Tuesday, November 10, 2009

Assimilation and identity

The late missiologist Paul Hiebert, together with Young Hertig, has an interesting though dated (1993) article on Asian immigrants in urban cities, with particular reference to North America. They examine the issue of identity and assimilation, suggesting that the core question is: to which culture does the immigrant really belong? Each generation after immigration approaches and answers this in a different way.
1. First generation - clear sense of identity. That is, their identity is very much tied to their "home" culture. They might develop survival skills to cope in the new culture, but their values, beliefs, things & events they find significant etc., are those of "home". If women come from patriarchal cultures, they are unlikely to be exposed much to the new culture, from staying at home etc., and so are often isolated.

2. 2nd generation - deep identity crisis. They encounter schizophrenia, for at home and within the family, they absorb certain values and beliefs, but in school and public are enculturated into the new culture. So you have a clash, with this generation often having to make decisions about how much to take on board parental values, resulting either in withdrawal, rebellion, or more likely, compartmentalization. The best case scenario is if one is able to integrate the best of both worlds. Add in other factors such as the different paces at which siblings within a family might assimilate and it gets even more complicated. One critical factor in the assimilation of second generation young people is the attitude of their parents. Other factors like social mobility etc. all count for something too.

3. 3rd and 4th generation - assimilation and appreciation. Here the identity crisis is not so acute, because they have figured out their place in society more, whether by carving out a niche for themselves or completely assimilating. But when we get to 4th/5th generation, we find that some begin to seek their roots once more, especially if their racial features are more distinct. Here we may find the problem of "hidden immigrants" - eg. looking Chinese on the outside but born and bred in America, and so actually being completely different culturally.
Also, at a deeper level, language becomes an issue. Hiebert and Hertig quote Cheryl, a Korean teenager in LA: "I try to speak Korean when I talk with my mother, but the most important emotional stuff I say in English because I cannot express it in Korean. So my mother does not have any idea what I am trying to say. It is really frustrating. I don't understand why she does not try to learn English. She has lived here almost twenty years." I think a few of us Malaysians will share similar experiences.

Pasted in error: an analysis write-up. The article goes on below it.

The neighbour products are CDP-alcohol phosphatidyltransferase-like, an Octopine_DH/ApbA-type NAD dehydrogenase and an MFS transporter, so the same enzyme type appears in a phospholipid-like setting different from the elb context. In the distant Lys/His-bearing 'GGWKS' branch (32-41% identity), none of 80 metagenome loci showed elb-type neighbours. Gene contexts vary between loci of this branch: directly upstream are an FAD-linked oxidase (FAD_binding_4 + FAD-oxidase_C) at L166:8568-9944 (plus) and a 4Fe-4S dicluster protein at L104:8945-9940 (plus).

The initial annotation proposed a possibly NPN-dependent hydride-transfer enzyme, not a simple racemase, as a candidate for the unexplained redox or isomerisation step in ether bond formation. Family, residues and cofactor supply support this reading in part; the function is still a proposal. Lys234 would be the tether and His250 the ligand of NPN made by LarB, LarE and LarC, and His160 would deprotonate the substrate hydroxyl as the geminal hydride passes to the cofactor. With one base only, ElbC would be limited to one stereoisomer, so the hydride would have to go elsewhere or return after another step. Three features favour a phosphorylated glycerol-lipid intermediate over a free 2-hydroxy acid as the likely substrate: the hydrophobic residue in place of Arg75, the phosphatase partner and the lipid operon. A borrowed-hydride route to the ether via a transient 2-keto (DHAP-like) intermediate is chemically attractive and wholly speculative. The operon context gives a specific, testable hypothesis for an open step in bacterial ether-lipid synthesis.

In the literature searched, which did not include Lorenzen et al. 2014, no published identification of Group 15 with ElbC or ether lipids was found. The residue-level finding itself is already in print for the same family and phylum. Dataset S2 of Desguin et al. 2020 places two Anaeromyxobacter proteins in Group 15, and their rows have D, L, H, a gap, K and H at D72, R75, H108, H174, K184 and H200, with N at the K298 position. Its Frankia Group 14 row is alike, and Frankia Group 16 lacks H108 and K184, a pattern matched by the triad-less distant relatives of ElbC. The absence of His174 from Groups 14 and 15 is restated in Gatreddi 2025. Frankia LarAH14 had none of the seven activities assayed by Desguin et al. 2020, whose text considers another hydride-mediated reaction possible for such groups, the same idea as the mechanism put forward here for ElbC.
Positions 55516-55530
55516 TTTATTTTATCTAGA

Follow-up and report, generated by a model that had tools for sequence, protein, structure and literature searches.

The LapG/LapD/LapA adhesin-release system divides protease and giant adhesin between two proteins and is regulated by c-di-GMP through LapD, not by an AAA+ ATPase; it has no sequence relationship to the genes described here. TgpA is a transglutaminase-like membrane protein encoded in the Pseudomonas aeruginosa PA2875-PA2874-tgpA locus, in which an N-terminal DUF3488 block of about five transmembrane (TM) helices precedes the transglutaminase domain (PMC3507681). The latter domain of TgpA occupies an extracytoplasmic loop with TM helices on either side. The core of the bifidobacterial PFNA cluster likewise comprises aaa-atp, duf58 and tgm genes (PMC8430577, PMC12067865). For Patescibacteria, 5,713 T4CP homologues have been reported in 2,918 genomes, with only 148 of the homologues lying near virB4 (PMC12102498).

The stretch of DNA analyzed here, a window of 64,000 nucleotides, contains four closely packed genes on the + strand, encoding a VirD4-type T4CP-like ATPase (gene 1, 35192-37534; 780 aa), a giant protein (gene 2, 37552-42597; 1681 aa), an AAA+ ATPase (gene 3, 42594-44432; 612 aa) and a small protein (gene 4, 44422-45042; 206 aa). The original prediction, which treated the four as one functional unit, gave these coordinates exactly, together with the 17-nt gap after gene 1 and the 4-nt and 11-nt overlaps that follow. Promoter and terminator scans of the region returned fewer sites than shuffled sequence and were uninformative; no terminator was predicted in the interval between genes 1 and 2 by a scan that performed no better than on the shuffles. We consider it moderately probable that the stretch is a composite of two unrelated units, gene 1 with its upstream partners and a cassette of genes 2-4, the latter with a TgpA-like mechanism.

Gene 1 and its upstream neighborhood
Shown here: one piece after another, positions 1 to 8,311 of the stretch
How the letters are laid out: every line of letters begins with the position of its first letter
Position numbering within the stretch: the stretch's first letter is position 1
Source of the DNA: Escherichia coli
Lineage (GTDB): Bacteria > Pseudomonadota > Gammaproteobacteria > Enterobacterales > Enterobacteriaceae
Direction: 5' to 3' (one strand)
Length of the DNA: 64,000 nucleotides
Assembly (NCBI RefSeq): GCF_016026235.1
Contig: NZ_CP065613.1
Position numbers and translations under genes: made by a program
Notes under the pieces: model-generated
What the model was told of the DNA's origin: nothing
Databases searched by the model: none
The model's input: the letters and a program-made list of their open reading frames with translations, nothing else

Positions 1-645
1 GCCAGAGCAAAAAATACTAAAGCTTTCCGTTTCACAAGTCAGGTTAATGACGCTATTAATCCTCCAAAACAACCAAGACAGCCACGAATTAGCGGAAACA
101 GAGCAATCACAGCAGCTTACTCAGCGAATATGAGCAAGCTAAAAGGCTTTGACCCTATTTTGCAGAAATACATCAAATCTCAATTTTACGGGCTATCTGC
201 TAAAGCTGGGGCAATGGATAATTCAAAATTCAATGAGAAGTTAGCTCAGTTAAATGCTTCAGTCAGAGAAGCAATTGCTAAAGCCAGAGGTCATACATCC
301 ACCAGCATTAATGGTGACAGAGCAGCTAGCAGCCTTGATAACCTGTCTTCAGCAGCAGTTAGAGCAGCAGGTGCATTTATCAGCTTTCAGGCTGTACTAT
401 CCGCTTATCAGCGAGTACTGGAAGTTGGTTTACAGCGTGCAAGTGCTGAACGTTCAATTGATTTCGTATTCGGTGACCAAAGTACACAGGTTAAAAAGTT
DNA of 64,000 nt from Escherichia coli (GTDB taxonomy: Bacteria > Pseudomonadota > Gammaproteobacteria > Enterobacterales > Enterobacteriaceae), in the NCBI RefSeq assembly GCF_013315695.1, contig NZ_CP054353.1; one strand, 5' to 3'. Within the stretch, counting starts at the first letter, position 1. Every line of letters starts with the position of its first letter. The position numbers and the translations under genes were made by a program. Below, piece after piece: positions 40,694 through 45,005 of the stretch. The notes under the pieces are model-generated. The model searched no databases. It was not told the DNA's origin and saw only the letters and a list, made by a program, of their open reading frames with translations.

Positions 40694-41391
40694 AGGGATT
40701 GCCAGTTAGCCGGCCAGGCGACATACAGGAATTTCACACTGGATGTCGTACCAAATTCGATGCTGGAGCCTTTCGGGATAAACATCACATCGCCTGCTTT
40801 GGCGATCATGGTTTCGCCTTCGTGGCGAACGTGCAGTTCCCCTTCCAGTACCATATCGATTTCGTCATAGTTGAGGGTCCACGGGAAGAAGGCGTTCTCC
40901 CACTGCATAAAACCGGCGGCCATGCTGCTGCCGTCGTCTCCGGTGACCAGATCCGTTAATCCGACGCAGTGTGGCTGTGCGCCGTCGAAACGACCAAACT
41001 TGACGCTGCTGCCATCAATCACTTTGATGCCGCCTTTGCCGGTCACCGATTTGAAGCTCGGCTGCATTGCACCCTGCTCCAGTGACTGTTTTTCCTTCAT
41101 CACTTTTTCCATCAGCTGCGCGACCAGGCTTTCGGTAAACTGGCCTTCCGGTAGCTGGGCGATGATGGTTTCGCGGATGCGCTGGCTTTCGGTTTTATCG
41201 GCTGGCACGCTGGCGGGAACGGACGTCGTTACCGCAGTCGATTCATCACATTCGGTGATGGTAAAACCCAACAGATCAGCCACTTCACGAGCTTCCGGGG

So why am I blogging about all this? There's the personal side, of course: I have often wrestled with questions such as this partly due to my upbringing, my family and educational background, the friends that I have, and of course, as someone involved in ministry with international students in a Western country. And because I just wanted to see if I could stimulate some thoughts from my readers, and the article above provides some important intercultural, and indeed, intergenerational insights which are relevant for the Malaysian context, although obviously we are very different in many ways. I think, for example, of the differences between English and Chinese-educated Chinese and the questions of trying to "preserve" a culture versus the "interaction" of cultures. Or the often frustrating family dynamics that those of us who are younger struggle to decipher - why are parents always so obtuse? (Apologies for the examples being obviously Chinese, that's my makeup). Or the wider politics of race and racial discourse - would you describe yourself as Malaysian or Malay/Indian/Chinese/Bumiputra/Iban/Kadazan/Martian first? I actually assert my "Malaysianness" more, I think, but I know others will differ from me.

Some might take exception to using an article on the "immigrant experience" to draw parallels to the Malaysian situation, since "immigrant" itself is a contested term in Malaysia. A big number of us will resent being labelled as pendatang, as if we were 2nd class citizens. That, of course, is to miss the point. It's simply a historical fact that many of us will have ancestors who at some point immigrated to what we now call Malaysia. I know we live in a plural society, so I wonder if we're not so much assimilating into a clearly marked majority/mainstream culture as forging a distinctively "Malaysian" culture, although again what that is is up for debate. How do you compare Sino-Kadazans in Sabah with the Nyonyas in Malacca? But maybe again the lack of flattening is a good thing. It means we're more aware that we all have particular categories and assumptions that affect how we view the world.

Plus, these are questions, I am convinced, we need to reflect on as Malaysian Christians, especially as it impacts on things like pastoral practice, evangelism and so on. It also challenges us to consider afresh what it means to consider ourselves to be Christians first and foremost, to be sojourners in this age. As Tim Kellers notes:
"Identity is a complex set of layers, for we are many things. Our occupation, ethnic identity, etc., are part of who we are. But we assign different values to these components and thus Christian maturing is a process in which the most fundamental layer of our identity becomes our self-understanding as a new creature in Christ along with all our privileges in him."
OK, I've rambled with no clear direction for long enough. Comments welcome. For more on the migrant experience, I can think of no better teacher than the short stories of Jhumpa Lahiri. For an intro to cross-cultural issues, try Sarah Lanier's From Foreign to Familiar or some of Duane Elmer's books.

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